Acute care research is sometimes conducted under Exception from Informed Consent regulations. In many life-threatening illnesses, patients are unconscious or too sick to provide written or verbal informed consent. The federal EFIC rules were developed in 1996 to allow for the waiver of obtaining and documenting informed consent for a strictly limited class of research.

Research carried out under EFIC rules undergoes extremely high levels of scrutiny by multiple agencies to assure that research subjects are afforded every protection available under the law. Research conducted under EFIC rules encompasses research that could not otherwise be conducted because of the nature of illness or injury. Research carried out under EFIC must hold the promise of a new treatment that is better than what is currently available.

According to FDA regulations, to qualify for EFIC, the research study must involve participants suffering from a life-threatening disease process or injury for which the current standard of care is associated with a very high failure or mortality rate. In addition, there must be reasonable evidence that the research has the potential to provide real and direct benefit to the patient. Studies must be held to the highest ethical standards.

The use of a randomized clinical trial such as this is the “gold standard” for determining what works best for people. For treatments that must be given immediately to be effective, EFIC research is considered appropriate by federal regulatory bodies and many ethicists who study this field. The obligation to improve standard treatments that yield poor results in life-threatening conditions is also considered an ethical imperative, as is maintaining individual rights of citizens. In EFIC trials, citizens receive standard treatment in addition to research treatment. To be tested in this fashion, the research treatment has to have shown promise in earlier or smaller studies.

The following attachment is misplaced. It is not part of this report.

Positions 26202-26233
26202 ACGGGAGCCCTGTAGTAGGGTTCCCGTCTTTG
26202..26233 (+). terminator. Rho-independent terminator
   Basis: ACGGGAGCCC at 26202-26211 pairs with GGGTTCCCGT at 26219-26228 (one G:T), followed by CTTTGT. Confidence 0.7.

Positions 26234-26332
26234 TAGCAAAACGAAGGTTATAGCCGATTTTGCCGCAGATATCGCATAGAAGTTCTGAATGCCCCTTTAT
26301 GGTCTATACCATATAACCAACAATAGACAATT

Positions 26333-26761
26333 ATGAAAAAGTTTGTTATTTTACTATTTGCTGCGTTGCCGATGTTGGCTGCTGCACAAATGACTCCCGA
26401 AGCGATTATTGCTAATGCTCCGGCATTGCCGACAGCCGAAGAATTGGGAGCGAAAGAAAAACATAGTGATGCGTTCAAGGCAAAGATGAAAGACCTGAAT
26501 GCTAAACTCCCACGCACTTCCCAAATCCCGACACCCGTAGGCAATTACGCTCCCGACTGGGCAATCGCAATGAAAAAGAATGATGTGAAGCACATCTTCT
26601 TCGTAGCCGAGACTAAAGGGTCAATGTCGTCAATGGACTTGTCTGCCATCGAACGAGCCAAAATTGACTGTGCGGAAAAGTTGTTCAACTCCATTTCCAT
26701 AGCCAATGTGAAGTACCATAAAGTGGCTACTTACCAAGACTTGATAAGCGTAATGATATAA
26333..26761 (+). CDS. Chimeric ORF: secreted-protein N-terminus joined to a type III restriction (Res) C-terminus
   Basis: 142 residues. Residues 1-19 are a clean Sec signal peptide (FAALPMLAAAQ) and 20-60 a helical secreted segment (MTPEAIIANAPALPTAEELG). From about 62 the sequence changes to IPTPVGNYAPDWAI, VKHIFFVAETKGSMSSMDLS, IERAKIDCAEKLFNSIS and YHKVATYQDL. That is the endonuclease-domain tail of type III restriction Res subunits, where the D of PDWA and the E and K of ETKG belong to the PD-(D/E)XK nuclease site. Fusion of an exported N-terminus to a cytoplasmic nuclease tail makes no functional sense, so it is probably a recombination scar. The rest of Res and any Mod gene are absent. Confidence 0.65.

Before any EFIC trials are started, the US government requires that participating institutions conduct a process of “community consultation and public disclosure.” During this process, the study is advertised in communities where the research will take place. Community members are invited to give their own thoughts and comments about the proposed study. The results of these interactions are reported to the Institutional Review Boards (IRBs) or committees monitoring the research.

Additional information is available at the EFIC website of the U.S. Food and Drug Administration and the Code of Federal Regulations.